In 2018, 58 percent of the non-fatal work-related amputations in the US involved some type of machinery like a power press. The impact force of a power press that punches, shears, or forms metal can also strike, crush, or sever a body part. To prevent power press injuries, it is important that your employees understand and use proper safeguarding, follow inspection and maintenance procedures, and receive effective employee training.  

What your employees need to know about preventing power press injuries

The point of operations is the most dangerous part of the power press. It’s the area on a machine where work is performed on the material being processed.


A safeguard is a device or system that protects any part of an employee’s body from coming in contact with the point of operations. Safeguard devices or systems may not be removed, tampered with, or bypassed.

Cal/OSHA regulations require all control buttons and switches for power-operated presses to be color coded and identified by function and purpose. They also must be designed to prevent premature or accidental tripping during operation or maintenance.

Inspection and maintenance

Equipment must be inspected and maintained to keep it working safely. When cleaning, repairing, servicing, setting-up, or adjusting power presses, employees must follow proper de-energizing, isolating, and lockout/tagout procedures. These protect against electrocution and keep the machinery from starting up unexpectedly. Only employees with the proper training may perform maintenance on a power press.


Untrained operators using complicated and dangerous machinery are a threat to themselves and their coworkers. An effective training program is a vital step to prevent power press injuries. Training from a competent person or qualified trainer is required before anyone operates a power press.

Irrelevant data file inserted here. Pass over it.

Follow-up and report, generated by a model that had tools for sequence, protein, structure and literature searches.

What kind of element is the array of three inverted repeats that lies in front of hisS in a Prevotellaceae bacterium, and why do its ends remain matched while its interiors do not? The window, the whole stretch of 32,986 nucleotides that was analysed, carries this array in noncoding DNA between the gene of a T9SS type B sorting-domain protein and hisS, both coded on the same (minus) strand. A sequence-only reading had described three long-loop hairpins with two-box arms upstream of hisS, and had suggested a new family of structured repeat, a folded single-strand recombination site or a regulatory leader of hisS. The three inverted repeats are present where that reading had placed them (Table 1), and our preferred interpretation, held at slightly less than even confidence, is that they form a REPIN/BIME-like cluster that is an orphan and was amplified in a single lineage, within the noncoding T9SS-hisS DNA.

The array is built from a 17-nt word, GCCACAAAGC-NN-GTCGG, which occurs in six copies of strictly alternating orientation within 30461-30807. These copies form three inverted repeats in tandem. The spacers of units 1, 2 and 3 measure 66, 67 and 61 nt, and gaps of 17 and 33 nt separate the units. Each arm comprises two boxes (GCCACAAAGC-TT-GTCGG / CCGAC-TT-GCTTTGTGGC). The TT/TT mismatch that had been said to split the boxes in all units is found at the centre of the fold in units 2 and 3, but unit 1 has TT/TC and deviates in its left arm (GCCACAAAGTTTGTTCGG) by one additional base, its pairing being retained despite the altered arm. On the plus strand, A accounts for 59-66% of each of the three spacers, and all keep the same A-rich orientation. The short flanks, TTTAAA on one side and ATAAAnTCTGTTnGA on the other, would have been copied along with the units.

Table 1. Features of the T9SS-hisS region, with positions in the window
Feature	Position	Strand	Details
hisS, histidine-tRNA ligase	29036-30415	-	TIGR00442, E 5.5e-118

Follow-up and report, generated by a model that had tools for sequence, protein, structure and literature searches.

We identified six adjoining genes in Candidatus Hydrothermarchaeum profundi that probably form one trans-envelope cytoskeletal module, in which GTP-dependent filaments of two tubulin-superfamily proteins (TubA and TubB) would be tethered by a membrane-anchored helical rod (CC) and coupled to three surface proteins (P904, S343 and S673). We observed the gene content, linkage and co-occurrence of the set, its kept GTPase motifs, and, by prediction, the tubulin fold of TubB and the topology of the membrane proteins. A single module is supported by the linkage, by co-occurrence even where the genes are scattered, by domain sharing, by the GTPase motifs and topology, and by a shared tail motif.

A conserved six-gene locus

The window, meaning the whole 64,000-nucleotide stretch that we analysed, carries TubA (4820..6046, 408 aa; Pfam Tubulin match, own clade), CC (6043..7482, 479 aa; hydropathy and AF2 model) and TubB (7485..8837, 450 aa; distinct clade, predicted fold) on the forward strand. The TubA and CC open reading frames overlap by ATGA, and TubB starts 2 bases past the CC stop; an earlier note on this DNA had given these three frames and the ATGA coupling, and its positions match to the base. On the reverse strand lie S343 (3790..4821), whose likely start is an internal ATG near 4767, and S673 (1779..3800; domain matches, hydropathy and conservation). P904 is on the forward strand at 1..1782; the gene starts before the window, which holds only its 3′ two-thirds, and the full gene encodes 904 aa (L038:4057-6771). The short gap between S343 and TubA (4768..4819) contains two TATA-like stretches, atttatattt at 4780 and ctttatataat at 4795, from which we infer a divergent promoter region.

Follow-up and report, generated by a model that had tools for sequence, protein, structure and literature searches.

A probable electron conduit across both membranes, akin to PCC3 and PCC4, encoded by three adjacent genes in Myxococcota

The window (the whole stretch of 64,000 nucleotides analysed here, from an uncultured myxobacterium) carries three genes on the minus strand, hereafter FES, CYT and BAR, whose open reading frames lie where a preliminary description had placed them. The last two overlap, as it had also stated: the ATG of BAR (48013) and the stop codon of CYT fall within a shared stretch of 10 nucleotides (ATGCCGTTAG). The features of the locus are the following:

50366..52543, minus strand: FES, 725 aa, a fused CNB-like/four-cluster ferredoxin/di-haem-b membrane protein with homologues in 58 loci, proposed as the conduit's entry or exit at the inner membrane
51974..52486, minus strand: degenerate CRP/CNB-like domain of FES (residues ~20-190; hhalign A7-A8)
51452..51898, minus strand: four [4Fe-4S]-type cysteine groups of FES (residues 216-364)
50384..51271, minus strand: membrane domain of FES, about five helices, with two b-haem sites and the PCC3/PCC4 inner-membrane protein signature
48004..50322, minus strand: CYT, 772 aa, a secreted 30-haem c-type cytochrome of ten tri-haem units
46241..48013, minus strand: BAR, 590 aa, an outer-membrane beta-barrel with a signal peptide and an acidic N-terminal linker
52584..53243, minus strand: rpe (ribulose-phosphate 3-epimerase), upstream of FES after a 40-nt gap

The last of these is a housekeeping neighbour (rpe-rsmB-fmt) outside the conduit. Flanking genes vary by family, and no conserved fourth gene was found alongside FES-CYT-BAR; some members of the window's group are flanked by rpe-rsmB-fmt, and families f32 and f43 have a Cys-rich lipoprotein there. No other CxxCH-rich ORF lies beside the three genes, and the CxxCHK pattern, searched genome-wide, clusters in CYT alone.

Training should include identification of the hazards of each machine. It also includes:

  • How safeguarding devices or systems prevent workers from getting injured
  • Reminders to never remove, bypass, or circumvent the safeguarding devices or systems in any way.
  • Training on the specific type of power press your employees will use.

What your employees need to do to avoid power press injuries

Check the power press at the beginning of each shift, following each new die setup, and when operators change. Make sure all parts, auxiliary equipment, and safeguards are in place, properly adjusted, and in safe operating condition.

At least once per week, conduct a functional performance check to ensure components are operating safely and complete all necessary maintenance or repairs before the press is returned to operations.

Before being cleared to use a power press, you must demonstrate:

  • How to use all power press controls and safeguarding devices
  • How to use any auxiliary components, such as tools to remove “stuck work” or lubricating swabs, brushes or oil cans
  • Where to store parts, tools, or other materials so that they do not create hazards
  • How to complete any required checks or inspections prior to production operations

It’s important to be fully attentive to the machine, concentrate on the job, and avoid distractions. Demonstrate to your employees how to identify when a press isn’t functioning properly. Listen to the machine and if the sound it makes changes, that could be an indication something is wrong.

And, use the proper personal protective equipment (PPE). Safety goggles, gloves, and hearing protection are all necessary to help protect against injuries from the work material, excess noise, and flying particles.

What to cover at your safety meeting on preventing power press injuries

Discuss and demonstrate how safeguarding devices or systems work. Make sure all employees who use or interact with the power press are part of this discussion.

Other steps to cover include:

  • Reminding employees to immediately stop work and notify a supervisor if safeguarding devices or systems don't work or are not in place
  • Reviewing the requirements for who is authorized to operate, inspect, or service machinery
  • Providing regular refresher training to all employees, regardless of their level of trainingthis includes a review all operations, inspections, service, and maintenance procedures.
  • Reviewing accidents and near misses with employees. Solicit feedback for improving processes, operations, or safeguarding devices or systems.

Severe crushing injuries, amputations, or death can be prevented with proper safeguarding, proper inspection and maintenance procedures, and effective employee training. Talk to your employees today about using the power press safely.